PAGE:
Surrounded by the snow-capped ridges of the Himalayas and gorgeously blanketed by a patchwork of beautiful rural tea plantations, old-world temples and monasteries, stunning Darjeeling, India, is an internationally renowned tourist destination for good reason. This hilly refuge boasts an incredible variety of outdoor attractions and must-see sights.
To get to the bottom (or top) of the best, though, takes a local with intimate knowledge of the place. Fortunately, the founding staff and I at Tathagata Journeys were born and bred in Darjeeling. Together we have decades of experience arranging meaningful tours and activities for travellers in and around town, from treks and mountain biking to cooking classes and urban walking tours.
Here, therefore, is a list of the Top Five things to do in Darjeeling, courtesy of the travel experts at Tathagata Journeys, your whl.travel local connection.
Trek at Sandakphu
First and foremost, lovers of the outdoors should not miss the many spectacular highlights of trekking at Sandakphu. The Sandakphu trek follows the Singalila Range, which is our kind of route: full of scenic nature and modest village dwellings. The trek to Sandakphu starts from a small village called Manebhanjang, inhabited by Buddhist Sherpas. From there, I like contemplating the entire trek route, imagining the effort of the near-vertical climb at the end toward distant but visible Sandakphu.
It takes me eight or nine days to finish the entire trek route, but the initial panoramic view filled with the colours of magnolias, rhododendrons, primulas and silver fir forest recovering from fire, not to mention the close-ups of the entire Himalayan Belt, stays enduringly in my mind. Four of the world’s five highest peaks – Everest, Kanchenjunga, Makalu and Lhotse – are all visible on this trek. No wonder the Sandakphu Trek is called the ‘paradise of trekkers.’
Take the Joy Train Ride
Second on our Top Five list is definitely the Joy Train Ride on the Darjeeling Himalayan Railway. Also fondly called the ‘Toy Train,’ it is Darjeeling’s pride and joy. It’s mine too! I love that a World Heritage Site belongs to my hometown and I take the ‘joy ride’ as often as I can. The best parts of the trip are the steam engine and the slow speed that gives one ample chance to appreciate nature and enjoy the journey. Of particular fame is the Batasia Loop, where the train completes a steep full circle, but from this point I particularly like the marvellous view of Darjeeling nestled below the majestic Himalayan Range.
Fortunately, travellers like me who get restless on long slow train rides need not skip the full journey from JNP to Darjeeling altogether. Instead, I take the short joy ride from Darjeeling to Ghoom or vice versa, an enjoyable distance that allows you to appreciate every bit of the journey without growing tired of it.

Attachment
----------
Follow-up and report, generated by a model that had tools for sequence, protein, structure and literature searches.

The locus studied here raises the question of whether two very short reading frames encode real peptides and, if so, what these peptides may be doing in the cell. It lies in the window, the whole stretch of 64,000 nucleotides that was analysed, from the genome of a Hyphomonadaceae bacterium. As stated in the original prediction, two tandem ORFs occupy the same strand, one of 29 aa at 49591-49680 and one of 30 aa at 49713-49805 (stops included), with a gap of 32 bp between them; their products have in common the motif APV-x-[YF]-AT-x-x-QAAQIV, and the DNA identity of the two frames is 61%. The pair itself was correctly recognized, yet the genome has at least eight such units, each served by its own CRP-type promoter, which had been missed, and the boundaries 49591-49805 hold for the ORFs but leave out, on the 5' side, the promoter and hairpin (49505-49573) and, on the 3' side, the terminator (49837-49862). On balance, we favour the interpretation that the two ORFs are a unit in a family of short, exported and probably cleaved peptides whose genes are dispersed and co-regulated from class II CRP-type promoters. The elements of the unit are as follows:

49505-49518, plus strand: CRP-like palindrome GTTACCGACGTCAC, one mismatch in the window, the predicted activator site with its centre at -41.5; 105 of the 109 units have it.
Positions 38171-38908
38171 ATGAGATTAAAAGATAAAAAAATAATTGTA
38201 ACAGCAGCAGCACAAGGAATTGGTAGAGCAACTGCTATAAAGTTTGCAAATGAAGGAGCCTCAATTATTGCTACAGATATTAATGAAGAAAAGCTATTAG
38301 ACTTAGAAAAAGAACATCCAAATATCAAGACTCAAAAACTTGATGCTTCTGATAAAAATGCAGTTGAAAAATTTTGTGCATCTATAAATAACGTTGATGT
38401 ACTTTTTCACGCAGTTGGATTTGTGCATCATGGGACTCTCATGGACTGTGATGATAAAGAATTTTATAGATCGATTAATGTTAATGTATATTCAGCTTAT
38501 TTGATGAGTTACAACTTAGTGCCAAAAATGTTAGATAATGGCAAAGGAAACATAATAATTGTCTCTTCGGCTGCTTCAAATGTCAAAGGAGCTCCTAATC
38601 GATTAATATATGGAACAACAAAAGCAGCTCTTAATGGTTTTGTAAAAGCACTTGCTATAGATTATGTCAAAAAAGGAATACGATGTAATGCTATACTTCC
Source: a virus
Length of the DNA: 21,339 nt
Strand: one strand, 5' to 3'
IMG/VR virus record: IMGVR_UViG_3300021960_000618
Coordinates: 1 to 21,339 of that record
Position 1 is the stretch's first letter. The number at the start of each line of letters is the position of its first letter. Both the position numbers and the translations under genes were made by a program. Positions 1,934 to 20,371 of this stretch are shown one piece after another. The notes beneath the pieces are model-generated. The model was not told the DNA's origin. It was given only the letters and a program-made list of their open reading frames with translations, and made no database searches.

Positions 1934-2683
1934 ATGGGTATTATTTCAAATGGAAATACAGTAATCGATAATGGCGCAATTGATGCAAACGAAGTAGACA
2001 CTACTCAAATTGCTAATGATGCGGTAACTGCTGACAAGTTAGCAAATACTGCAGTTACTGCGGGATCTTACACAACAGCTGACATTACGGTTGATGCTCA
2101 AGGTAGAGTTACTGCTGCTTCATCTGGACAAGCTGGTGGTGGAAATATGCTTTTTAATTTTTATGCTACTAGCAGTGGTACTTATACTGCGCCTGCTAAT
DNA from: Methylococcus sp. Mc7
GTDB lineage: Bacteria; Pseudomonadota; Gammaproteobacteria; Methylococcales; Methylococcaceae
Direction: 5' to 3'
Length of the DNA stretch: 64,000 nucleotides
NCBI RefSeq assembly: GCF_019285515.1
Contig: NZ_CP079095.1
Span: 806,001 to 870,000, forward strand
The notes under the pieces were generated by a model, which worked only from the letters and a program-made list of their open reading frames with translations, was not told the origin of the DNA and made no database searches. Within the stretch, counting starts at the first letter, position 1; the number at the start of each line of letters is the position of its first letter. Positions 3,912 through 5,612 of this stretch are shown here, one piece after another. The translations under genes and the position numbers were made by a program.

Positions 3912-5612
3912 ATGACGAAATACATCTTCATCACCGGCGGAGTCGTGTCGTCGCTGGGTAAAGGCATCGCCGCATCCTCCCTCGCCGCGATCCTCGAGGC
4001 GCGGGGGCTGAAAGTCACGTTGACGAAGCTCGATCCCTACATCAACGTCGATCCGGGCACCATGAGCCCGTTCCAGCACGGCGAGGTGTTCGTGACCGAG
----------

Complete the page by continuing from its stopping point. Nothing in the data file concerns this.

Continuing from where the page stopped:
Sip Some Darjeeling Tea
Darjeeling has a huge and vital tea culture, so drinking tea is definitely on our list. Back when I was still a kid, I remember my mother making Darjeeling tea in huge vessels early in the morning and reserving it in flasks for all-day drinking. I am still in the habit of drinking tea all day long, and, after having tasted so much Darjeeling tea, I don’t think any other tea in the world can match its flavour and the aroma. Just as there is nothing like the champagne of France, so too can nothing compare to Darjeeling tea.
Sipping Darjeeling tea whilst in Darjeeling is therefore an experience in itself. Make sure to ask for ‘Black Darjeeling Tea’. These days, Darjeeling also produces white and green tea, but for me, Darjeeling black tea is the real local tea and not to be missed.
On an especially great morning, consider booking a tour of the beautiful tea gardens. I often go with the intent of capturing some of my favourite photographs: shots of local tea pluckers picking fresh tea leaves in the huge green garden with the mountains in the background. We are very proud to share that Darjeeling produces 10,000 tons of tea yearly and is now protected by Geographical Indication, meaning that only tea that is produced in Darjeeling can be termed Darjeeling Tea.
Himalayan Mountaineering Institute (HMI)
If it weren’t for Himalayan Mountaineering Institute (HMI), I would probably never have discovered the mountaineer in me. I was inclined to climbing and travelling from a very early age and got my start with an adventure-based outdoor training program taught by HMI. I eventually even managed to scale a few lesser-known peaks. It was all the start of my passion for travel, since I began guiding in the mountains of Nepal and later led cultural tours throughout India.
HMI continues to provide a great deal of information on mountaineering, as well as provide basic and advanced mountaineering, adventure and survival courses. I often take my like-minded friends to the HMI Museum, where I marvel all over again at the mountaineering equipment used by great climbers like Tenzing Sherpa. I become humbled by the magnitude of the mountains and their height.
Breakfast at Keventers
Last but not the least on our Darjeeling highlights list is definitely breakfast at Keventers Restaurant. Like all the locals of Darjeeling who never tire of dining at Keventers, my grandfather, my father and I all love paying a visit. Located on Nehru Road, Keventers is very easy to find and I have met many travellers who make it a point to eat there every time they are in Darjeeling.
My favourite dish is the non-vegetarian delight; it consists of mouth-watering sausages, ham, bacon, eggs and toast. Others relish the restaurant’s juicy hog dogs and tasty hot chocolate. The upstairs area of Keventers has open-air seating, where diners can bask in the warm sun. Enjoying delicious food while watching the mountains is an activity that we absolutely love.